DULUTH (AP) -- His classmates remember that the name seemed to fit.
"We couldn't believe someone would have the name Willy McCool," former Duluth resident David Hatton said of the space shuttle Columbia pilot killed Saturday. "McCool. And that's what he was."
Cmdr. William C. McCool was among seven crew members killed when the shuttle broke apart 39 miles above Texas as it reentered the Earth's atmosphere.
McCool, who was 41, lived in Duluth in the early 1970s when his father was stationed at the Duluth Air Force Base. He attended Chester Park Elementary School and Woodland Middle School, and regularly attended youth groups at University United Methodist Church. He was a Boy Scout.
Hatton, who lives in Philadelphia, was in a church group with McCool and remembered his funny, confident and easygoing demeanor. McCool was always eager to help out and was quick to make friends, Hatton said Sunday.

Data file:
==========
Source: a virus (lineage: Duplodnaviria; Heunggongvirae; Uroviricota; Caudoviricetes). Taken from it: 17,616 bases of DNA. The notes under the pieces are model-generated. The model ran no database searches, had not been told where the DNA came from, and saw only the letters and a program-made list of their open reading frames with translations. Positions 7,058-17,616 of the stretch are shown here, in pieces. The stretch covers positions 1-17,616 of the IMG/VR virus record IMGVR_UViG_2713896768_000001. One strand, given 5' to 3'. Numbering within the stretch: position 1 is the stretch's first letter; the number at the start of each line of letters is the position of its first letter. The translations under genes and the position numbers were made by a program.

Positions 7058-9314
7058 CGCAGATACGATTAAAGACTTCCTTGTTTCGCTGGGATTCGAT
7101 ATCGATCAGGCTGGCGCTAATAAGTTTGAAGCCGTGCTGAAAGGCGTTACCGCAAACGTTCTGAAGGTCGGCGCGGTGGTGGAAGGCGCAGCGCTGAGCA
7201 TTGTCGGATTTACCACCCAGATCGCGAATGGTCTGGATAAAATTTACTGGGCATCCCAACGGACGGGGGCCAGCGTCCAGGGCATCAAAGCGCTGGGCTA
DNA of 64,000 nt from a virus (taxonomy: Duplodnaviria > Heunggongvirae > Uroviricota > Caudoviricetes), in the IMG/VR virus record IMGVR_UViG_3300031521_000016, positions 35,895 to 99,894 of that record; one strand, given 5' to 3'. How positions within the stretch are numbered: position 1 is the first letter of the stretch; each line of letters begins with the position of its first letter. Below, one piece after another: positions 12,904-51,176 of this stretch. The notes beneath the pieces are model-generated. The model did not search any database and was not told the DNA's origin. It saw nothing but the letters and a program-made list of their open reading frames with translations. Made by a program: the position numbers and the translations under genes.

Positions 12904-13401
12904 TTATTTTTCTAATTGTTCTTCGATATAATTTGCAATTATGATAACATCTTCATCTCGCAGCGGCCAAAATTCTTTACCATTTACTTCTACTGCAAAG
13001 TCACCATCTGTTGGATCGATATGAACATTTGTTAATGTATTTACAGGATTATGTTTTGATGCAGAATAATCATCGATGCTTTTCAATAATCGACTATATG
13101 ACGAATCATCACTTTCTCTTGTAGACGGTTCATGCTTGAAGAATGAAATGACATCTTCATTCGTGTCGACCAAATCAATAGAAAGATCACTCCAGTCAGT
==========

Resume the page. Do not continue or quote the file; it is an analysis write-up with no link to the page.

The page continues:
"He was somebody who everyone liked. Even back then, he was popular with the girls," Hatton said.
McCool was born in San Diego, spent about three years in Duluth and graduated from high school in Lubbock, Texas.
Duluth resident Chauncey Riggs Jr. remembers McCool's all-American smile and can-do attitude.
"He could always do anything he wanted to," said Riggs, who played baseball and went to school with McCool. "And I remember him having an interest in flying."
Riggs regularly checks the NASA Web site to monitor shuttle flights. He said he was stunned in mid-January when he checked the site and saw McCool was heading into space. "It was neat to see someone who I knew," Riggs said.
The Columbia mission was McCool's first trip into space. He was married and had three children.
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